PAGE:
Armagnac (//; French pronunciation: [aʁ.maˈɲak]) is a distinctive kind of brandy produced in the Armagnac region in Gascony, southwest France. It is distilled from wine usually made from a blend of grapes including Baco 22A, Colombard, Folle blanche and Ugni blanc, traditionally using column stills rather than the pot stills used in the production of Cognac. The resulting spirit is then aged in oak barrels before release. Production is overseen by the Institut national de l'origine et de la qualité (INAO) and the Bureau National Interprofessionel de l'Armagnac (BNIA).
Armagnac was one of the first areas in France to begin distilling spirits, but the overall volume of production is far smaller than Cognac production and therefore is less known outside Europe. In addition they are for the most part made and sold by small producers, whereas Cognac production is dominated by big-name brands.
History and cultural uses
It makes disappear redness and burning of the eyes, and stops them from tearing; it cures hepatitis, sober consumption adhering. It cures gout, cankers, and fistula by ingestion; restores the paralysed member by massage; and heals wounds of the skin by application. It enlivens the spirit, partaken in moderation, recalls the past to memory, renders men joyous, preserves youth and retards senility. And when retained in the mouth, it loosens the tongue and emboldens the wit, if someone timid from time to time himself permits.
The traditional French gourmet dish ortolan has traditionally been prepared by force-feeding an ortolan bunting before drowning it in Armagnac and roasting it. (The dish is now legally prohibited due to laws protecting the bird.)
The Armagnac region lies between the Adour and Garonne rivers in the foothills of the Pyrenees. The region was granted AOC status in 1936. The official production area is divided into three districts that lie in the departements of Gers, Landes, and Lot-et-Garonne. The region contains 15,000 hectares (37,000 acres) of grape-producing vines. The Fallières Decree of 25 May 1909 describes the three districts:
Each of these areas is controlled by separate appellation regulations. More recently, a new appellation—"Blanche d'Armagnac"—was established to allow the production and export of clear, white brandies that are unaged.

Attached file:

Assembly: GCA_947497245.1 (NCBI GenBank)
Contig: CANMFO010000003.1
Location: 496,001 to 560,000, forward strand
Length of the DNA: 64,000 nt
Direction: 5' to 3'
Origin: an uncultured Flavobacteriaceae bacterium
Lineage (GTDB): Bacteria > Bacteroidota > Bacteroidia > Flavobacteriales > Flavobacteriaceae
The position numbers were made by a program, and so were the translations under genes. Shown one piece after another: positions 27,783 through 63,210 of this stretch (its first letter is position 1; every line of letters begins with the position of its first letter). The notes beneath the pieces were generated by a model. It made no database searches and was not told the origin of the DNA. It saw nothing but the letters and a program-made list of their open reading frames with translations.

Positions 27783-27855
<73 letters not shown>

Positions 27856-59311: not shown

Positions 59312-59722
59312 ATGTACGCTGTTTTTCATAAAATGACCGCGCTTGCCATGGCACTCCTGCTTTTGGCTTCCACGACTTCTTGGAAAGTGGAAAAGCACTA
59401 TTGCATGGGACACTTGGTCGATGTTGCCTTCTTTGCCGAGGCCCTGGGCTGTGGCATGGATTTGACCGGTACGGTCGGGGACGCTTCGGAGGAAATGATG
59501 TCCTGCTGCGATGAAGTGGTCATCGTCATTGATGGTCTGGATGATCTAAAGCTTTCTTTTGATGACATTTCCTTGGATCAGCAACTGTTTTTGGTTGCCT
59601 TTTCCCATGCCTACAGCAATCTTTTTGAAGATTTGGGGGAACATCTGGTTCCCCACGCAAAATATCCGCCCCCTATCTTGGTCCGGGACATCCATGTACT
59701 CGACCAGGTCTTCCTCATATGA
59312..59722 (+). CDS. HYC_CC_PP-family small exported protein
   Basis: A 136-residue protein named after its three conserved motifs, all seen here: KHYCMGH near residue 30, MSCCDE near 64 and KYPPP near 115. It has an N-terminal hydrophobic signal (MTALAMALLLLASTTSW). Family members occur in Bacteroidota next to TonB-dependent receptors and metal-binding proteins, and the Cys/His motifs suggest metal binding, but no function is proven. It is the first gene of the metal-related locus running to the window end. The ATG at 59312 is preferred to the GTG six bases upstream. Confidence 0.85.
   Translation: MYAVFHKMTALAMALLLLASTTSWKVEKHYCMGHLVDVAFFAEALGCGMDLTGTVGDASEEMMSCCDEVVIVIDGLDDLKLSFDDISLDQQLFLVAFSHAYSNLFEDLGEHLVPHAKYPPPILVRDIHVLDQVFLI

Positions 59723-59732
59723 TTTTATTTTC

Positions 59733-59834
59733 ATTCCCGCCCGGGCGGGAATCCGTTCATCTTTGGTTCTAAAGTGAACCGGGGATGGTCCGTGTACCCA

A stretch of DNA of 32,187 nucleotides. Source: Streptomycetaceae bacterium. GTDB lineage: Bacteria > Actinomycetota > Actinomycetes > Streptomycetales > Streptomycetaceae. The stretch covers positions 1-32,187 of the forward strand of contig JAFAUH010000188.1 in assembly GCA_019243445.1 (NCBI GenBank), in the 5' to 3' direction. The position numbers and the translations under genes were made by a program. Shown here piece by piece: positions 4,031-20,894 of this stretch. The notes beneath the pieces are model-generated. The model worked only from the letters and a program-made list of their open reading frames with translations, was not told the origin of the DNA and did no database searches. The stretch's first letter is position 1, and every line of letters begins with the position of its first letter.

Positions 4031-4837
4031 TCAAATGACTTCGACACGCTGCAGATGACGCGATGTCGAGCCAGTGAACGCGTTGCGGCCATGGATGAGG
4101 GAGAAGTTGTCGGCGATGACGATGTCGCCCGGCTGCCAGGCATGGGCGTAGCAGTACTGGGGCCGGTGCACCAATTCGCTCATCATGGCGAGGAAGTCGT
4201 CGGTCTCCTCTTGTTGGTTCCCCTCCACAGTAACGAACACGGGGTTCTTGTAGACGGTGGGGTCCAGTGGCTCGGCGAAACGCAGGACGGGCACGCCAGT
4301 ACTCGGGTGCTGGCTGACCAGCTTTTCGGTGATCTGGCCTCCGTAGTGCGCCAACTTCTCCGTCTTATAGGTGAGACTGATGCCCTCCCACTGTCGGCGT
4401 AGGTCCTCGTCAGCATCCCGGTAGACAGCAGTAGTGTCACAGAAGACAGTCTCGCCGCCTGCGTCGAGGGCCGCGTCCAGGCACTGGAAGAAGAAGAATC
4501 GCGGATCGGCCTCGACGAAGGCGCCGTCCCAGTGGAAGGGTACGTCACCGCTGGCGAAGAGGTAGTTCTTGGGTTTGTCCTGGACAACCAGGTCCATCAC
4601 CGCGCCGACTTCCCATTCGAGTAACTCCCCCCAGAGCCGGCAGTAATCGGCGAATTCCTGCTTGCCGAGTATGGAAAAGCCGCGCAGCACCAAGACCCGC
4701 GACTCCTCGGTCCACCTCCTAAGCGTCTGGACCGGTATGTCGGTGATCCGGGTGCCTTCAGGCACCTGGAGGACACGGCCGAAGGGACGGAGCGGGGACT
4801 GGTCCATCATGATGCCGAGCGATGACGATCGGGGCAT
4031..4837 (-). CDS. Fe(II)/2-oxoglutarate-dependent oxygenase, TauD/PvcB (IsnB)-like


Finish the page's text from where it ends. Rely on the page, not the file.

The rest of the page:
Armagnac is traditionally distilled once, resulting in 52% of alcohol. This results in a more fragrant and flavorful spirit than Cognac, where double distillation takes place. Long aging in oak barrels softens the taste and causes the development of more complex flavours and a brown colour. Aging in the barrel removes a part of the alcohol and water by evaporation (known as part des anges—"angels' tribute" or "angels' share") and allows more complex aromatic compounds to appear by oxidation, which further modifies the flavour. Alcohol is naturally reduced by an average of 0.4% per year depending on the characteristics of the cellars. When the Armagnac is considered as matured, it is transferred to large glass bottles (called "Dame Jeanne") for storage. The main difference between Armagnac and other spirits is, that due to its relatively low proof, it is generally not diluted with water and therefore does not require flavor or colour enhancers as do the major other brandies.
Armagnac is sold under several different classifications, mostly referring to the age of the constituent brandies. Armagnac is allowed to be sold under vintages. When Armagnacs of different ages have been blended, the age on the bottle refers to the youngest component. A three-star, or VS, Armagnac is a mix of several Armagnacs that have seen at least two years of aging in wood. For VSOP, the aging is at least five years, and for XO, at least six. Hors d'âge means the youngest component in the blend is at least ten years old. Older and better Armagnacs are often sold as vintages, with the bottles containing Armagnac from a single year, the year being noted on the bottle.
Ten different varieties of Armagnac grapes are authorised for use in the production of Armagnac. Of these, four are most common:
- "France vaunts '40 virtues' of Armagnac". Independent Print Ltd. The Independent. 2010-02-07. Retrieved 4 December 2014.
- "Armagnac attack". Fairfax Digital. The Age. 2010-03-09. Retrieved 4 December 2014.
- "Brandy can ward off heart attacks". Associated Newspapers Ltd. Daily Mail (Mail Online). 2007-05-11. Retrieved 4 December 2014.
- Wallop, Harry (2014-09-18). "Why French chefs want us to eat this bird – head, bones, beak and all". Telegraph Media Group Limited. The Telegraph. Retrieved 4 December 2014.
- Love, Brian (2014-09-06). "French chefs seek to put banned songbird back on menu". Thomson Reuters. Reuters. Retrieved 4 December 2014.
|Wikimedia Commons has media related to Armagnac (drink).|
- Cognac and Armagnac—The official website of France (in English)